The risk of terror attacks in France remains extremely high, the interior minister said on Monday, adding that over 8,000 people were on a national warning list of Islamist radicalisation.
The comments by Interior Minister Gerald Darmanin came two days before 14 people are due to go on trial over alleged involvement in attacks in January 2015 including on the Charlie Hebdo weekly that heralded a wave of militant strikes in France.
The threat "remains extremely high in the country," Darmanin said in a speech during a visit to France's internal security service the DGSI.
"The risk of terror of Sunni origin is the main threat that our country is facing," he added, promising a fight "without let-up".
He said 8,132 individuals had been registered on France's database of suspected Islamist radicals considered to be a potential security threat.
Fourteen alleged accomplices in the January 7-9, 2015 jihadist attacks on the Charlie Hebdo satirical weekly, a French policewoman and a Jewish supermarket go on trial in Paris on Wednesday.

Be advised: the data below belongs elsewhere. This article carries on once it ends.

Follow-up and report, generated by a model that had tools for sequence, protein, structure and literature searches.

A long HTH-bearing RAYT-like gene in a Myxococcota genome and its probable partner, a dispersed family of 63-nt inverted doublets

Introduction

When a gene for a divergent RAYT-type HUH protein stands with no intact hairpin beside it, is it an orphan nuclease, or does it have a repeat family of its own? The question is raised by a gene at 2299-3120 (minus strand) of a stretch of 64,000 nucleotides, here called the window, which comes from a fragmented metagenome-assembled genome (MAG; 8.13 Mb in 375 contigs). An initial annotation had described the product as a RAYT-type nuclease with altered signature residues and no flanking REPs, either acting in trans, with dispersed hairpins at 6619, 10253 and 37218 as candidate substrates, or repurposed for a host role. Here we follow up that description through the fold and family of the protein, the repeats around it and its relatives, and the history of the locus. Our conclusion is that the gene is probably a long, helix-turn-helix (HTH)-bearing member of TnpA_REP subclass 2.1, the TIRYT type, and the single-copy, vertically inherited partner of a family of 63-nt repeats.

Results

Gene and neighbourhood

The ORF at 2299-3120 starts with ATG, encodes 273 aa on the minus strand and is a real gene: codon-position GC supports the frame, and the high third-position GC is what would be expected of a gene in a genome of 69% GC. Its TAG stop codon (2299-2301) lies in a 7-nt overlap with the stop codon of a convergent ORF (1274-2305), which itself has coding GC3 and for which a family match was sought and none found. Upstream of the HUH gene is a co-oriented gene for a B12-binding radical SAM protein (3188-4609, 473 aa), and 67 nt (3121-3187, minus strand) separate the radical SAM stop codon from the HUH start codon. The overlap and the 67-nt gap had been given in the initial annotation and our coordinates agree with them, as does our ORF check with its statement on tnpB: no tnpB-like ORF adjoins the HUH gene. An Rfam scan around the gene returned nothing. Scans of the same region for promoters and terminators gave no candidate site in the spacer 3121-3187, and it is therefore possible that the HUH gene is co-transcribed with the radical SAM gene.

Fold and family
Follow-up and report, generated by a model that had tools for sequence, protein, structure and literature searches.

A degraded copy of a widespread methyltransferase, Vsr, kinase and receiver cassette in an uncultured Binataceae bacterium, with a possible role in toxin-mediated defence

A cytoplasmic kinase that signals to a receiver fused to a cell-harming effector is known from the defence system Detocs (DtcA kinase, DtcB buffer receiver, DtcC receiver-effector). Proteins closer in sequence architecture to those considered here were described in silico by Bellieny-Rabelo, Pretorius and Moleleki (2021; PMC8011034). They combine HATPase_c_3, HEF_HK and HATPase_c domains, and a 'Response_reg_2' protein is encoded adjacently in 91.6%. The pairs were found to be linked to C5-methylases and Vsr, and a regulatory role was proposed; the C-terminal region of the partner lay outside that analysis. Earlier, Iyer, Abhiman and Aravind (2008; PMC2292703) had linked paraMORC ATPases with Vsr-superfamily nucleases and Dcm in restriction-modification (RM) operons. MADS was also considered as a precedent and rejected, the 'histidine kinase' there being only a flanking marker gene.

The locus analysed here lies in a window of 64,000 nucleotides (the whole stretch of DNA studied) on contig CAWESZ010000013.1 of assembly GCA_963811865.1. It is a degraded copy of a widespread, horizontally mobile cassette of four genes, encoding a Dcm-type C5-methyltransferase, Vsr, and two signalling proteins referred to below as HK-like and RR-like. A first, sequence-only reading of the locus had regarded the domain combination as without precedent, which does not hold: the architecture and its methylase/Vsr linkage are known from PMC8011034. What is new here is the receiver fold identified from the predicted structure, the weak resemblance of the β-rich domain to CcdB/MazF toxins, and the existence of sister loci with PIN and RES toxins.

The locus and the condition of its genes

All of the perpetrators were killed in the aftermath of the assaults but lawyers for the victims and prosecutors insist the trial will be a hugely important if potentially traumatic moment.
Speaking on France Info radio Monday, national anti-terror prosecutor Jean-Francois Ricard dismissed the idea that it was just "little helpers" going on trial.
"It is about individuals who are involved in the logistics, the preparation of the events, who provided means of financing, operational material, weapons, a residence.
"All this is essential to the terrorist action," he said.
The January 2015 attacks heralded a wave of Islamist violence that left 258 people dead and raised unsettling questions about modern France's ability to preserve security and harmony for a multicultural society.